Twenty-nine state-owned banks wrote off a total of Rs 1.14 lakh crore of bad debts between financial years 2013 and 2015, much more than they had done in the preceding nine years.
In response to an RTI application filed by The Indian Express, the RBI disclosed that while bad debts stood at Rs 15,551 crore for the financial year ending March 2012, they had shot up by over three times to Rs 52,542 crore by the end of March 2015.
Asked about the details of the biggest defaulters, whether individuals or business entities, whose bad debts to the tune of Rs 100 crore or more had been written off, the RBI said: “The required information is not available with us.” Banks are required to report the bad debts on a consolidated basis, it said.
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Even as the government has been trying to shore up public sector banks through equity capital and other measures, bad loans written off by them between 2004 and 2015 amount to more than Rs 2.11 lakh crore. More than half such loans (Rs 1,14,182 crore) have been waived off between 2013 and 2015.
Only two banks, State Bank of Saurashtra and State Bank of Indore, have shown zero bad debts in the past five years.
In other words, while bad loans of public-sector banks grew at a rate of 4 per cent between 2004 and 2012, in financial years 2013 to 2015, they rose at almost 60 per cent. The bad debts written off in financial year ending March 2015 make up 85 per cent of such loans since 2013.
The RTI reply also disclosed that bad debts have declined only four times since 2004. The last time was in 2011.
An analysis of the information available with the RBI till 2012-13 also shows that between 2009 and 2013, both the advances by public sector banks to individuals and business entities as well as their amount of bad debts written off doubled. From 0.33 per cent of total advances in 2009, bad debts rose to 0.61 per cent in 2013.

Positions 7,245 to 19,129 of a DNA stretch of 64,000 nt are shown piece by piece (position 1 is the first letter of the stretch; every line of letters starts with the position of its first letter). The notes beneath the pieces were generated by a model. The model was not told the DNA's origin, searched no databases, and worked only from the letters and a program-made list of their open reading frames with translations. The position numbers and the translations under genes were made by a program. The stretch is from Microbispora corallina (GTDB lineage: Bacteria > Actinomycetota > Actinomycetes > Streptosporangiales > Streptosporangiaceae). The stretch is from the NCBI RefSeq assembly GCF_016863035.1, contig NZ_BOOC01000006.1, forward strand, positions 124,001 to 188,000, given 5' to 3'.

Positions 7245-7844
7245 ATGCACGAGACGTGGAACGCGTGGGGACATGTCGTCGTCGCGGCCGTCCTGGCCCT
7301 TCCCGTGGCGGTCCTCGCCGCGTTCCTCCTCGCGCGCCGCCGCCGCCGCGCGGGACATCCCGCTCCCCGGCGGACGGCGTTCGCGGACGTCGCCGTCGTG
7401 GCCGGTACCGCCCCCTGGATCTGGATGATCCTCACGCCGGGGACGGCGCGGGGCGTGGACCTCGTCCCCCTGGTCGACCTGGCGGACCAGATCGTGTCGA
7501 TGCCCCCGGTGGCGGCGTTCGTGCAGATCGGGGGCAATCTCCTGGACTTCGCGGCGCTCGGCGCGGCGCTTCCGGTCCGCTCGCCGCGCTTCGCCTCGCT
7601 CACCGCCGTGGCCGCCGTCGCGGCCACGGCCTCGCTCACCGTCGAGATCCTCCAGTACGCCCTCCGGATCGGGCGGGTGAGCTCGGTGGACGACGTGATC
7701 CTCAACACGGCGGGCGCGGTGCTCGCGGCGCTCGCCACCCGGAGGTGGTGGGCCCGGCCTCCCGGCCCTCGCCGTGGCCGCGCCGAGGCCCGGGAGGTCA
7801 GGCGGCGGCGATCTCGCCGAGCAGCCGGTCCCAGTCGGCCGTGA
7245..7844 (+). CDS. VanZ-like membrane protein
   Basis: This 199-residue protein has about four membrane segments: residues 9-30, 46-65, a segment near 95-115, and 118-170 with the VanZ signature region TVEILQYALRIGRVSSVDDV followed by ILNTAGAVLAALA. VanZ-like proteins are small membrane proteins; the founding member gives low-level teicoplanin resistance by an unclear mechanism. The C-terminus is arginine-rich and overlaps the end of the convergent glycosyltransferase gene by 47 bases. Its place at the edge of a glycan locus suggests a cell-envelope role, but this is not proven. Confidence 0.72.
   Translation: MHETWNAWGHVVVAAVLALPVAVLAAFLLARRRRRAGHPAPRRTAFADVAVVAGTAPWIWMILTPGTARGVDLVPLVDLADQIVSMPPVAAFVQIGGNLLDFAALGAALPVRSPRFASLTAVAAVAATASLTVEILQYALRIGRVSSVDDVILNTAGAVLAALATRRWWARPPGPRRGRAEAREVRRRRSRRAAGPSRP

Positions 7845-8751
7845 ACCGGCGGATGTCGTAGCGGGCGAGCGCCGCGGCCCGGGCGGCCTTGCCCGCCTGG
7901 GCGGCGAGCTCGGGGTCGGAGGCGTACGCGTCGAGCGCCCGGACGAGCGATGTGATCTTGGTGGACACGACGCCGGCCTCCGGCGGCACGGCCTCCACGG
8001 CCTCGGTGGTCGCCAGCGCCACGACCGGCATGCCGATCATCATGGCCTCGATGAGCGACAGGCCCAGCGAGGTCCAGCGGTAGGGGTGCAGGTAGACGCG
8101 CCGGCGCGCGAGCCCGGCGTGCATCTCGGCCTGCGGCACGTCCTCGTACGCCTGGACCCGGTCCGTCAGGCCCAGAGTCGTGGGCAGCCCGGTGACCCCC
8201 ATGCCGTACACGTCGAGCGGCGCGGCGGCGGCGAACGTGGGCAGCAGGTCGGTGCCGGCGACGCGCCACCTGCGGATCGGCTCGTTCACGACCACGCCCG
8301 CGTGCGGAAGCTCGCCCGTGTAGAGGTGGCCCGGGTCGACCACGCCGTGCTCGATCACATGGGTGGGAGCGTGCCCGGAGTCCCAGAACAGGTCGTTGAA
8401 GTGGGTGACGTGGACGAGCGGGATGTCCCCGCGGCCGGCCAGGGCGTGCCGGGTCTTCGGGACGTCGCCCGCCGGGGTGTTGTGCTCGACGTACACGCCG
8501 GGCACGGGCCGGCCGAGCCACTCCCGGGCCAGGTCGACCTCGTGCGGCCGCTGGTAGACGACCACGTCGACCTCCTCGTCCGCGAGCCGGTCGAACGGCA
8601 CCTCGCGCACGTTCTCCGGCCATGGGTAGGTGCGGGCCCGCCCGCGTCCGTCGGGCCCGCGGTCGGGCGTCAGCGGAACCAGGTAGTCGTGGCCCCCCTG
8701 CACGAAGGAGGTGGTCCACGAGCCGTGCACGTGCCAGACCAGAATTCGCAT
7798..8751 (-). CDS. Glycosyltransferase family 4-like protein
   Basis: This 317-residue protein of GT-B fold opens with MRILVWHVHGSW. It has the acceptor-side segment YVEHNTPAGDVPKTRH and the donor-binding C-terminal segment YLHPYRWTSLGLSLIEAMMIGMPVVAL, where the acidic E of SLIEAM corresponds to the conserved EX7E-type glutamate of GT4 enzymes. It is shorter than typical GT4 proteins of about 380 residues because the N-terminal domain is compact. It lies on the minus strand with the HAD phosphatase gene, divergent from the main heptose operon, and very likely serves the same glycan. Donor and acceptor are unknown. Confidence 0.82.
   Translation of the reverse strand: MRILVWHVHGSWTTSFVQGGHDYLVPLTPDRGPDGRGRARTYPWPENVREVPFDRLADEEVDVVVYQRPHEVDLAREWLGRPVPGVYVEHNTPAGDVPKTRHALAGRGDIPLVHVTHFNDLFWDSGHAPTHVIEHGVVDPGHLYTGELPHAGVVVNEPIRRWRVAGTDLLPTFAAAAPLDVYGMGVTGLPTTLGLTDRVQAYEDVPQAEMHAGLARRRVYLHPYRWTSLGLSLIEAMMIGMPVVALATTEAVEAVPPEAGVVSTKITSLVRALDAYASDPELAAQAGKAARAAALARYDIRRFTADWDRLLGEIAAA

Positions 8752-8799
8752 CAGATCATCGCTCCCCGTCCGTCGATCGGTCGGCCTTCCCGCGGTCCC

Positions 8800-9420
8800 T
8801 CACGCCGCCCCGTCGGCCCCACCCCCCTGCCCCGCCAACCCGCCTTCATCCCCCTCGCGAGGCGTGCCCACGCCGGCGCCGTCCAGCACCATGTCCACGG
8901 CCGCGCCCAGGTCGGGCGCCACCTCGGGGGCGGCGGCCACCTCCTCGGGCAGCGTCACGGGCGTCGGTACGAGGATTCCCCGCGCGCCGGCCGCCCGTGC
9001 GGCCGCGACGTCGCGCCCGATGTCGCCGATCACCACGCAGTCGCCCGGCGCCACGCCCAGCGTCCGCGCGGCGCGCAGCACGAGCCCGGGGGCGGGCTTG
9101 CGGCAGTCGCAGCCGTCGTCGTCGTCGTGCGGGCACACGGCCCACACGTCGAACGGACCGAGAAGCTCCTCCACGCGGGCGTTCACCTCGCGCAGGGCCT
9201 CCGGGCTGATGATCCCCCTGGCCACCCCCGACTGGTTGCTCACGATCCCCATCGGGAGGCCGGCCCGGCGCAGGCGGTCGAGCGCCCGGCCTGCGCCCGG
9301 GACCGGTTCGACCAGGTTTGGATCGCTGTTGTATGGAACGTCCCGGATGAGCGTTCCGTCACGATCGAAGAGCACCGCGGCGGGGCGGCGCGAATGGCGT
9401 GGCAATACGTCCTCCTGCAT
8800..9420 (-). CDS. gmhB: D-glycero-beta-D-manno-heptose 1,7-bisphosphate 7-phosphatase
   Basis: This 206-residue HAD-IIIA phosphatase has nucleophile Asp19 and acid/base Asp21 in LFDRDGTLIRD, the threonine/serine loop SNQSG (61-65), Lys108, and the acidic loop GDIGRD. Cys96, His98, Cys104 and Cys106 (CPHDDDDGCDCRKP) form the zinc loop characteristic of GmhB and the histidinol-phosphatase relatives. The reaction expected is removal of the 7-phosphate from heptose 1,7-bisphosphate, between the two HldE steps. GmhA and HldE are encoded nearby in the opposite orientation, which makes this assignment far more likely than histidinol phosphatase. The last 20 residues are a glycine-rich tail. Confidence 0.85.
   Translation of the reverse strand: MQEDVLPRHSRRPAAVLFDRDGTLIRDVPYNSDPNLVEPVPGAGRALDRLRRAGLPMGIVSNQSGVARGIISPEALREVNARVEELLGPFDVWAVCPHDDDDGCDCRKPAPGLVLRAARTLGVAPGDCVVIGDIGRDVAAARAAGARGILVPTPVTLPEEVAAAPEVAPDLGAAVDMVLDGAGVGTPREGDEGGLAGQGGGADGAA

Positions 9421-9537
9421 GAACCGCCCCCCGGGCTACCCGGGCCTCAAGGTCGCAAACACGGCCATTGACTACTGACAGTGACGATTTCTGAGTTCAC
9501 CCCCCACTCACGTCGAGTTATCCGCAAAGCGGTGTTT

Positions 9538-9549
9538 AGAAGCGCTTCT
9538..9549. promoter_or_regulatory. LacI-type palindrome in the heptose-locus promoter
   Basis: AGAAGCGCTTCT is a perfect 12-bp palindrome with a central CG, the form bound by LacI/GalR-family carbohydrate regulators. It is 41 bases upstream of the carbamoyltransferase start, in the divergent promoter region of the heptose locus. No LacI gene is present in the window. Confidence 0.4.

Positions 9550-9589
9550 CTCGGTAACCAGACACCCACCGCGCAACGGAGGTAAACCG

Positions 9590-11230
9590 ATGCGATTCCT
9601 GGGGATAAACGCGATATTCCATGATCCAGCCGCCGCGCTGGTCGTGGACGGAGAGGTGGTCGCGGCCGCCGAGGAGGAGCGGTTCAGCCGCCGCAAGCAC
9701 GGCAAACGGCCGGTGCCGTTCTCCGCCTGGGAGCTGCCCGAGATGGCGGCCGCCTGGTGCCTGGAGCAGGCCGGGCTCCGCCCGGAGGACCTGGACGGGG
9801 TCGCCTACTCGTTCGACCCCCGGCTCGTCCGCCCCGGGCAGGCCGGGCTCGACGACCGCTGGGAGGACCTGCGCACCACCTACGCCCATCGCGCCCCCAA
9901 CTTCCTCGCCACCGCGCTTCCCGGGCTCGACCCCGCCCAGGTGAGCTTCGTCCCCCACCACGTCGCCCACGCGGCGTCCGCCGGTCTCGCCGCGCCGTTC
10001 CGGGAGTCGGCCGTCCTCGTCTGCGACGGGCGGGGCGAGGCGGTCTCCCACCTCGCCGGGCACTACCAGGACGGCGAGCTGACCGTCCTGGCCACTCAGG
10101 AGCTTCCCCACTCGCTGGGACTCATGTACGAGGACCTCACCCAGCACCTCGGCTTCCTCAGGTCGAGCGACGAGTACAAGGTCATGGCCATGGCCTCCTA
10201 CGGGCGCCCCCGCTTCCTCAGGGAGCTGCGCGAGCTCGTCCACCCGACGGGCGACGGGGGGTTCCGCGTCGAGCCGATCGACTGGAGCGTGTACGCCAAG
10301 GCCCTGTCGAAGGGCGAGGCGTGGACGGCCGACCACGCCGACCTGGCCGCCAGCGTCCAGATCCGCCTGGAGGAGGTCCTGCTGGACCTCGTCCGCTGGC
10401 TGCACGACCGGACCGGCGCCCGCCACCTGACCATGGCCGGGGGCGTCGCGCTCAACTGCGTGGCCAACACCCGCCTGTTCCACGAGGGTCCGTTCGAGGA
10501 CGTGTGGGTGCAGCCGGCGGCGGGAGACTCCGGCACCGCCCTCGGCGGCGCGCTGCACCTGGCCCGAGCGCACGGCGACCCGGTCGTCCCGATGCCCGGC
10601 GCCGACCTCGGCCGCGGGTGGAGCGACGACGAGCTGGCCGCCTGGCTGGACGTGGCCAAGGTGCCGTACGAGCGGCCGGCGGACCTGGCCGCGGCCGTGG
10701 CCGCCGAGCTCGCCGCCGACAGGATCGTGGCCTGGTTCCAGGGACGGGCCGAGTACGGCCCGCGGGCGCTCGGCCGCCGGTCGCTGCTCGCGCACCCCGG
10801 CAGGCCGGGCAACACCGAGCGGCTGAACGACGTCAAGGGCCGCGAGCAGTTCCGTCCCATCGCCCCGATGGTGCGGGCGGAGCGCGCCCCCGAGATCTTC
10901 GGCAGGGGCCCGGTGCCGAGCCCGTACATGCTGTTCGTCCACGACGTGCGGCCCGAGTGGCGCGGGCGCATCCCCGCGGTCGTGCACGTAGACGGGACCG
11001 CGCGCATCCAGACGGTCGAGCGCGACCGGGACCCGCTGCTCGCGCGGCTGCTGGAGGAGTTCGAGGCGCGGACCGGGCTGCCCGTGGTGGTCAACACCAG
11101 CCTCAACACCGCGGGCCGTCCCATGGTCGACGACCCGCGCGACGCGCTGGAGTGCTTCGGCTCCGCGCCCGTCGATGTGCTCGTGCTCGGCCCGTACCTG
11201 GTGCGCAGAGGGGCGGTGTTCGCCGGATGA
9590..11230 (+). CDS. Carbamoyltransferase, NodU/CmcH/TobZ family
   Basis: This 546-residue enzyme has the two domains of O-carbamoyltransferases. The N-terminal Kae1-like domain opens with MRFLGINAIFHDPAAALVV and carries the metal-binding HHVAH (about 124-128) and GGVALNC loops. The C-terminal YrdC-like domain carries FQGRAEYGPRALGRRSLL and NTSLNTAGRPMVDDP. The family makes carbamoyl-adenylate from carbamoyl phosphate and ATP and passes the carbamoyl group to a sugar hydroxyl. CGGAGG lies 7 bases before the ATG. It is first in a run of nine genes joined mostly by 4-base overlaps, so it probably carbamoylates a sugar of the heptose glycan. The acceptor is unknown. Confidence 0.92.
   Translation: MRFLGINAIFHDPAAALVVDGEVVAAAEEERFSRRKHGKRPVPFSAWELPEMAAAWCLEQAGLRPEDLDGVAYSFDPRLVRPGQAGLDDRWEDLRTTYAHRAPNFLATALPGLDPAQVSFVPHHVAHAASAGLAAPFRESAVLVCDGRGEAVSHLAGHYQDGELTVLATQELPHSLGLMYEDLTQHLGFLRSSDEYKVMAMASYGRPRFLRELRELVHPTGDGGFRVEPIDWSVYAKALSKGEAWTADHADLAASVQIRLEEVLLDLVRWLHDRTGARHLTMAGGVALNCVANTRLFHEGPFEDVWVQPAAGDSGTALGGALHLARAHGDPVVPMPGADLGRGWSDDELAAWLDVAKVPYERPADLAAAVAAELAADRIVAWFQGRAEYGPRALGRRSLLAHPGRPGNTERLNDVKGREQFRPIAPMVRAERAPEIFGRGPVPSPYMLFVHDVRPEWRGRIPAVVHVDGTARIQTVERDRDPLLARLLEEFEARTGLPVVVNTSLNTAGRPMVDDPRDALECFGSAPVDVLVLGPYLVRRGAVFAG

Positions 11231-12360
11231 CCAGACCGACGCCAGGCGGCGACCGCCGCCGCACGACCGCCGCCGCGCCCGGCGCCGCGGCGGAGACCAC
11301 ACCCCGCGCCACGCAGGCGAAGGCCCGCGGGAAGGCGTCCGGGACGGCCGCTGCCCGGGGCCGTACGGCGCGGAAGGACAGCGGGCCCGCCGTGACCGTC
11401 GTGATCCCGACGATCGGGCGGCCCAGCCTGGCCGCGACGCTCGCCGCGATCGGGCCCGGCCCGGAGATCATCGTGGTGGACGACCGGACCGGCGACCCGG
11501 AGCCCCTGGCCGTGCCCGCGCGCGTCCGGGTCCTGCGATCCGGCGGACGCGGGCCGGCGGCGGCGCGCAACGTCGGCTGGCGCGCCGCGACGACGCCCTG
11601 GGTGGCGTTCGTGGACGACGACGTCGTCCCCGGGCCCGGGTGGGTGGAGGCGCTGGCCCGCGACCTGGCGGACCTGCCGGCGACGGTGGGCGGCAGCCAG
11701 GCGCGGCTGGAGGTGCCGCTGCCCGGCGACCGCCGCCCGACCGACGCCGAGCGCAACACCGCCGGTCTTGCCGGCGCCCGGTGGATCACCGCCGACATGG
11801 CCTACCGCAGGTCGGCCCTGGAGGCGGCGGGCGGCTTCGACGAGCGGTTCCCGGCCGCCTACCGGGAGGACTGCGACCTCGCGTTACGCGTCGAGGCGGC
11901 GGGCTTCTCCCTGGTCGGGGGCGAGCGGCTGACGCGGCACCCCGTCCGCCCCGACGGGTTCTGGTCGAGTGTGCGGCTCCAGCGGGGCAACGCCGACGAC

Bank-wise break-up shows State Bank of India, India’s largest bank, is way ahead of others in declaring loans as unrecoverable, with its bad debts shooting up almost four times since 2013 — from Rs 5,594 crore in 2013 to Rs 21,313 crore in 2015.
In fact, SBI’s bad debts made up 40 per cent of the total amount written off by all other banks in 2015 and were more than what 20 other banks wrote off. In 2014 too, the bank’s bad debts alone comprised 38 per cent of the total of all banks. The figure of bad loans for 2014 and ‘15 combined, Rs 34,490 crore, was Rs 10,000 crore more than that for between 2004 and 2013, Rs 23,992 crore.
The country’s second-largest public sector bank, Punjab National Bank, has also witnessed a consistent rise in bad debts since 2013. These grew by 95 per cent between 2013 and 2014 but climbed by 238 per cent between 2014 and 2015 — from Rs 1,947 crore in 2014 to Rs 6,587 crore in 2015.
Reserve Bank Governor Raghuram Rajan has repeatedly expressed concern over the health of public-sector banks, and pushed for steps to ensure that banks classify certain stressed assets as non-performing assets (NPAs) and make adequate provisions to “strengthen their balance sheets”, besides working out schemes of merger.
With public sector banks sitting on over Rs 7 lakh crore stressed assets, including NPAs and restructured loans, Rajan recently said the estimates of NPAs being 17-18 per cent are bit on the high side and that entities should be careful not to treat NPAs as total write-offs but see if they can change promoters and repay as the economy recovers. He also said that some banks would have to merge to optimise their use of resources.
Gross NPAs of public-sector banks rose to 6.03 per cent as of June 2015, from 5.20 per cent in March 2015. RBI has asked banks to review certain loan accounts and their classification over the two quarters ending December 31, 2015, and March 31, 2016.
Editors Note: In response to the above story, published in The Indian Express on February 8, 2015, the Union ministry of finance, the Reserve Bank of India and the country’s largest bank, State Bank of India, have written back stating that the write-offs are an accounting entry to meet regulatory guidelines.
Ministry of Finance: The fact of the matter is that write-offs are basically technical and are done within the framework of Income Tax Act, 1961 and RBI Guidelines regarding provisions for bad loans as per Standard Accounting Practices.